ProtonMail revamps ‘Bridge’ utility for using third-party mail apps

ProtonMail revamps ‘Bridge’ utility for using third-party mail apps

ProtonMail is an end-to-end encrypted email service, adding an extra layer of security on top of traditional email messaging. The additional security features means you can’t connect a ProtonMail account to a third-party email application, like you can with Gmail or Yahoo accounts. ProtonMail’s solution to this is the ProtonMail Bridge application, which has been around for a while, but has now received a significant update.

ProtonMail wrote in a blog post, “We have redesigned ProtonMail Bridge to offer you a better overview of your account(s) and revamped our Settings so you can now easily control the location of your cache or reset the app. It also comes with dark mode! […] This new version of ProtonMail Bridge is packed with fixes and improvements, but the main change is the new local cache, which now includes full message bodies. This means ProtonMail Bridge stores messages encrypted on your device, so they can be retrieved much faster than when stored remotely on our servers.”

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ProtonMail welcome page

ProtonMail Bridge, as the name implies, acts as a bridge between an email client running on a computer and ProtonMail’s servers. The utility sets up a local mail server that mail clients can connect to, and end-to-end encryption is maintained between ProtonMail and the local server. That way, you can use applications like Thunderbird or Apple Mail with a ProtonMail account, while also using those clients with other accounts. However, the bridge still isn’t available for mobile platforms, so people on iOS or Android are still tied to the official ProtonMail mobile applications.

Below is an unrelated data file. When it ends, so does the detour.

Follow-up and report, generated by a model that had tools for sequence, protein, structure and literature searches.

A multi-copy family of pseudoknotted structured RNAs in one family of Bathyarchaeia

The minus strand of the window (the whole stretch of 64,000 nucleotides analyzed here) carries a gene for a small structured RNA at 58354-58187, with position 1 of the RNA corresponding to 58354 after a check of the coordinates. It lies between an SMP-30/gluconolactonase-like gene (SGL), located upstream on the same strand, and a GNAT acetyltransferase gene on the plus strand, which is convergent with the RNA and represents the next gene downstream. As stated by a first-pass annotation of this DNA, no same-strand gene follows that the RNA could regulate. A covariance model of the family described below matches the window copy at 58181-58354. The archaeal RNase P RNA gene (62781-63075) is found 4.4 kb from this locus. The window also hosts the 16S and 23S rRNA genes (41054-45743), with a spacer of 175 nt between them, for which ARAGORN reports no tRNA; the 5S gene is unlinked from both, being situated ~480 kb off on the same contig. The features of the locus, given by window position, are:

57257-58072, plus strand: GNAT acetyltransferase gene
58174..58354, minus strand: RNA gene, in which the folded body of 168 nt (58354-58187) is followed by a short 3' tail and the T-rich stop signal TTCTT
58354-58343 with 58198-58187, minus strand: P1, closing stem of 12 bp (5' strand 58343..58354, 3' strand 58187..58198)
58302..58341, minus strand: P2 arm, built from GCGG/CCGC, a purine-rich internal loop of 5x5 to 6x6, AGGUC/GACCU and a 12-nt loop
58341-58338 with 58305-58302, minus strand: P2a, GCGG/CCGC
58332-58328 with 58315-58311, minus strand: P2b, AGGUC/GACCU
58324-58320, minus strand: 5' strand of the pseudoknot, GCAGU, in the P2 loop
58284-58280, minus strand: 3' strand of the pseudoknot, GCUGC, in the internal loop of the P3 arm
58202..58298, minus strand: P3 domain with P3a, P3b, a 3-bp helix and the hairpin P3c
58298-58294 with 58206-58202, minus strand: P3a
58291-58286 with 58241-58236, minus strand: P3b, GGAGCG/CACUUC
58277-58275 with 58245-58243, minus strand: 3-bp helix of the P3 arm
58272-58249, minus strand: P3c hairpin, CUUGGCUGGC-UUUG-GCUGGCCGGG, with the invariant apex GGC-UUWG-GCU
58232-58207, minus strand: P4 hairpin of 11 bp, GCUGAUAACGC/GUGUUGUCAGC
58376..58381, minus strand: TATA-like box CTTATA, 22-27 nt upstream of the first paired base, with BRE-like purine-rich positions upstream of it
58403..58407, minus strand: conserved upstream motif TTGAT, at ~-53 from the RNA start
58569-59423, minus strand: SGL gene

ProtonMail Bridge is available to download for Windows, macOS, and Linux (in both DEB and RPM package format). The update is slowly rolling out to anyone with ProtonMail Bridge already installed, but you can also force the update by downloading the installer again. Unfortunately, ProtonMail Bridge still does not run natively on Apple M1-powered Mac computers.

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Corbin Davenport
Corbin Davenport

Corbin is a tech journalist and software developer. Check out what he's up to at corbin.io.

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